DeFazio learned through this hands-on conservation of the past that “everyday moments in life can someday be cataloged and archived in a database and used for future generations.” She said it also gave her a newfound confidence of her technological skills and appreciation of the preservation of history.
“The people that work in archives, on databases or in collections need to be praised and recognized more because the work that is done is so important and critical,” DeFazio said. One of my favorite things about visiting museums is knowing all the hard work that when into obtaining the artifacts and imagining how the preservation, archiving and cataloging happens.”
Enright hopes that students will also be inspired to work as a team and leave with a deeper appreciation of their local history.
“The Digital Humanities Center at Flagler is that students work collaboratively with each other, with their professors, and build something unique that they helped curate,” Enright shared. “This project is open to all faculty willing to participate.”
Enright said she is eager to support all prospective digital collections, in hopes that the Digital Humanities Center can become a permanent resource that inspires workshops, discourse, and teamwork,
“A few people I’ve spoken with thus far are already making plans to build digital collections and exhibits, and some have already been doing excellent digital projects,” said Enright.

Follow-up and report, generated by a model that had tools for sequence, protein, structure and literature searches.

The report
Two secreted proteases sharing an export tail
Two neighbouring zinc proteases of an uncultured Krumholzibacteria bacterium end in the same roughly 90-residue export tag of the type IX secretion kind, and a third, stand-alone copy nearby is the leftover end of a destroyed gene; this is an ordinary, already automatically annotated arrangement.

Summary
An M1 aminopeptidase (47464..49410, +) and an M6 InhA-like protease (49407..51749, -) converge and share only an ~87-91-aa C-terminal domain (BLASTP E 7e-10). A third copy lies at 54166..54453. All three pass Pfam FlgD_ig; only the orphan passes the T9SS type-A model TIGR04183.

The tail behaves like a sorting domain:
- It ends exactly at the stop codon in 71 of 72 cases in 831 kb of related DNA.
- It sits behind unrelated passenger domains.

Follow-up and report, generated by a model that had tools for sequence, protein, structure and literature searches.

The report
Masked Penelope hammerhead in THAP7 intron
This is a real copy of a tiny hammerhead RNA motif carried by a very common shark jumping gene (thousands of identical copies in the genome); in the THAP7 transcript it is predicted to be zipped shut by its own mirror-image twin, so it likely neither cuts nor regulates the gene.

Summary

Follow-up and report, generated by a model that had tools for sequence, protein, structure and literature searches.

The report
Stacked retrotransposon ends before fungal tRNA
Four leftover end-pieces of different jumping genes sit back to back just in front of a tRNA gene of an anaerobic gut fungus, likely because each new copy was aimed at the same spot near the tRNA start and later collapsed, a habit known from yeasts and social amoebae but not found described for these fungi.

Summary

She hopes students and faculty will feel inspired to get involved and embrace the possibilities awarded by the digital preservation of history by building their own collection within their site and can train students to build on those or even create their own. In fact, faculty members like Lori Lee, Kenan Distinguished Professor of Liberal Education in Anthropology, have already gotten involved. Lee has been digitizing collections for Fort Mose and Professor of Art, Laura Mongiovi is even beginning a collection of textiles from various sites around town.
Moving forward with the Digital Humanities initiative, Enright is extremely passionate about devoting more time to the Marineland archive she’s started. Through a partnership with this historic site, she hopes to share the rich history of human-animal relationships in St. Augustine with as many people as possible, a relationship she believes has yet to be fully told.
“We’ve partnered with this nearly 100-year-old attraction to digitize their collections, share them online, and build a public resource for better understanding the history of science, film, and animal attractions,” Enright said.
For any students fascinated by the pursuit of preserving the vibrant local history of St. Augustine, like that of Marineland, they can sign up for a Digital Humanities Internship - right now this is the same as HIS 481, 482, 483, but can be cross listed. Grant funds are used to pay students a stipend, and students may continue after one semester to serve in a mentor role to others.
When it comes to Digital Humanities, Enright’s vision is broad and inclusive.
“Public History is both for and of the people—and this closes that loop. Not only are we making history available for the public, but we are also sharing their stories that might otherwise be forgotten,” she said.Tagged As